The Federal Trade Commission (FTC) has released its annual Privacy and Data Security Update, which highlights the FTC’s activities during the past year. The FTC, the U.S. agency tasked with a unique dual mission to protect consumers and promote competition, detailed its record year for enforcement actions aimed at protecting consumer privacy and data security.

The FTC’s primary enforcement authority comes from Section 5 of the Federal Trade Commission Act, which prohibits unfair or deceptive practices in the marketplace. The FTC also has authority to enforce a variety of industry-specific laws, including the Gramm-Leach-Bliley Act, the Truth in Lending Act, the Controlling the Assault of Non-Solicited Pornography and Marketing (CAN-SPAM) Act, the Children’s Online Privacy Protection Act (COPPA), the Equal Credit Opportunity Act, the Fair Credit Reporting Act, the Fair Debt Collection Practices Act, and the Telemarketing and Consumer Fraud and Abuse Prevention Act. The FTC has used its authority to address a wide range of practices affecting consumers, including those that come with the development of new technologies and business models.

Agency watchers look to the FTC’s annual reports as a signal for insights into the agency’s upcoming priorities. Some highlights from 2019 discussed in the report include:

  • In July 2019, the FTC and the Department of Justice announced a joint settlement with Facebook for alleged violations of its 2012 FTC privacy order. The allegations were that Facebook’s misrepresentations as to the controls users had over their personal information, Facebook’s failure to institute and maintain a reasonable program to ensure consumers’ privacy, and Facebook’s failure to disclose that it was using phone numbers provided by users for two-factor authentication for targeted advertising. The FTC levied a $5 billion penalty—the largest consumer privacy penalty ever—against Facebook and imposed new restrictions on the company’s business operations. The settlement is currently pending approval by the U.S. District Court for the District of Columbia.
  • In a related but separate case, the FTC filed a law enforcement action against the data analytics company Cambridge Analytica, as well as its CEO and app developer. The FTC’s complaint alleged that Cambridge Analytica used false and deceptive tactics to harvest personal information from millions of Facebook users for voter profiling and targeting. The complaint alleged that app falsely told users that it would not collect users’ names or other identifiable information, but in fact, the app collected users’ Facebook User ID, which connects individuals to their Facebook profiles. The CEO and app developer agreed to settlements with the FTC that restrict how they conduct any business in the future, and the FTC entered a default judgment against Cambridge Analytica.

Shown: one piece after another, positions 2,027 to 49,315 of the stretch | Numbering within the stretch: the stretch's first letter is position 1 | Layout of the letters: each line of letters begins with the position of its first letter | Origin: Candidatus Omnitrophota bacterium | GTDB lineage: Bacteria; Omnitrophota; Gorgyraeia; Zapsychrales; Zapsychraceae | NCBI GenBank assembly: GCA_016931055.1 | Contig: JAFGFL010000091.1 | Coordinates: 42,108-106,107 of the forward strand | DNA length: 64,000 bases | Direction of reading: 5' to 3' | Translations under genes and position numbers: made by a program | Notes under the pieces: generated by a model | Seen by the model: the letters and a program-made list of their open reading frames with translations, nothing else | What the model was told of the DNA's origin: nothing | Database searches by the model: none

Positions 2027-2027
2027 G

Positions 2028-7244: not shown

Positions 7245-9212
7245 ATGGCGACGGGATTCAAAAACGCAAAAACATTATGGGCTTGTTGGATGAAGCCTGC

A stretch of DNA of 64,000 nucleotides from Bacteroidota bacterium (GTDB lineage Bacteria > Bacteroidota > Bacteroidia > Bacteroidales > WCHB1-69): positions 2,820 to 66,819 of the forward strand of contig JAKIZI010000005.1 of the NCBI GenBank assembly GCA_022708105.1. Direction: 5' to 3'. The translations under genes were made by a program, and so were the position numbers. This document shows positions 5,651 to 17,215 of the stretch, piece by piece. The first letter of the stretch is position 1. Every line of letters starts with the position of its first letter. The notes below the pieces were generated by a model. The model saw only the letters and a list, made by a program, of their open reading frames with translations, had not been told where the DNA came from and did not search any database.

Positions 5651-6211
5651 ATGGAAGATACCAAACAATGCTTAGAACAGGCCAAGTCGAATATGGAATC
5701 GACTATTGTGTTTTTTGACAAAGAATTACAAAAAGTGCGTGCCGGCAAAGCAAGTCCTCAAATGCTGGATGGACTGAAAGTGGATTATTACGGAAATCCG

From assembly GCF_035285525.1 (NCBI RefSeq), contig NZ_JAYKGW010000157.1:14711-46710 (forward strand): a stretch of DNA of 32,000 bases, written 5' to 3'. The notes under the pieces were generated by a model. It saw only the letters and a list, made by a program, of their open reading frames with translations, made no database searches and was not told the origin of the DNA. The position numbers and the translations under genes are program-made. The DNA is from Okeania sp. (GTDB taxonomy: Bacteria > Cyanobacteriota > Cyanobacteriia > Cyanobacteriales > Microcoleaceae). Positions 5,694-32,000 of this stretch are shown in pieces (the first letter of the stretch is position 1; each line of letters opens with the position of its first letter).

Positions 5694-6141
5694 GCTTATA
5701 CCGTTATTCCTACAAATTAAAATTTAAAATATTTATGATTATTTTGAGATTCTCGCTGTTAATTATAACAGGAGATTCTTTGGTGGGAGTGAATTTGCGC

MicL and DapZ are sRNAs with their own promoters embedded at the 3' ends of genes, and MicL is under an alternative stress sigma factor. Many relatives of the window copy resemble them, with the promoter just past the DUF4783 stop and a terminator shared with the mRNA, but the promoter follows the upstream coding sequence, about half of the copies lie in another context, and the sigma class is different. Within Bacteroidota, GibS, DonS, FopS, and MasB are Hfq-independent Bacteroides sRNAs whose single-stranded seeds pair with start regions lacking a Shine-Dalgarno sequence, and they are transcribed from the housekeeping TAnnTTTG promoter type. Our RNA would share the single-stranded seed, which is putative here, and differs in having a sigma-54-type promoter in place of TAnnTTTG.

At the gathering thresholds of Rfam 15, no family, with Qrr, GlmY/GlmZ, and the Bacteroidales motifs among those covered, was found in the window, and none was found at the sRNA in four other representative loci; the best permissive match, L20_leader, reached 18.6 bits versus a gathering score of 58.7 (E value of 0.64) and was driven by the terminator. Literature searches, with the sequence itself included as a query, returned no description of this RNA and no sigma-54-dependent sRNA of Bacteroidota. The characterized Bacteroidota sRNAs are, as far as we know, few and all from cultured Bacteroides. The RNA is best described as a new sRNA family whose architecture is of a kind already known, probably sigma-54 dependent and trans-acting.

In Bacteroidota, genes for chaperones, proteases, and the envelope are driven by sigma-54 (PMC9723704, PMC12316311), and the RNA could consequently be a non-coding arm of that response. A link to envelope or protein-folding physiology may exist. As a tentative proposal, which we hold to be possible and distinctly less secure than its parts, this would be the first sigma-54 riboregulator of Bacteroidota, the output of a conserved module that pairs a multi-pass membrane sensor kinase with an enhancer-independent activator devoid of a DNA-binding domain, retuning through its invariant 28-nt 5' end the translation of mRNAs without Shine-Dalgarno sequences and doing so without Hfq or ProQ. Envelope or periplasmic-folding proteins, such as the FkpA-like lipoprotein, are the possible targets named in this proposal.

• Also, in July 2019, the FTC announced a settlement with Equifax to resolve allegations that the company failed to secure the massive amount of personal information stored on its network which led to a data breach affecting 147 million people and exposed millions of names and dates of birth, Social Security numbers, physical addresses, and other personal information that could lead to identity theft and fraud. The settlement included a payment of up to $700 million to help consumers affected by the breach and was part of a global resolution with a consumer class action, the Consumer Financial Protection Bureau, and 50 states and territories.
  • The FTC also obtained a record $170 million penalty against YouTube and Google for alleged violations of the Children’s Online Privacy Protection Act (“COPPA”), which generally requires websites and apps to obtain verifiable parental consent before collecting personal information from children under 13. The complaint alleged YouTube violated COPPA by collecting personal information—including persistent identifiers that are used to track users across the internet—from viewers of channels targeted at children, without first notifying parents and getting their consent.
  • The FTC settled a complaint against, now known as TikTok, the video social networking app that allows users to create short videos of themselves and to share those videos with others, over allegations that the app was child-directed and violated COPPA by illegally collecting personal information from children. TikTok paid $5.7 million to settle the charges.
  • Throughout the year, the FTC continued its vigorous enforcement of the EU-U.S. Privacy Shield framework by bringing 13 cases against companies that allegedly made false promises related to the framework.
  • In addition to its enforcement work, the report highlights four privacy-related events hosted by the FTC, including examining consumer privacy as part of the FTC’s Hearings on Competition and Consumer Protection in the 21st Century, its annual PrivacyCon event highlighting cutting-edge privacy research, a COPPA Rule workshop, and a workshop examining consumer report accuracy.

The FTC update describes other areas of focus, including data security, credit reporting, and financial privacy, Do Not Call and telemarketing, and international enforcement. You can read the entire update here.

For more information regarding this post, please contact Sean Buckley.

For information regarding Dykema’s Privacy and Data Security Team, please contact Cindy Motley.

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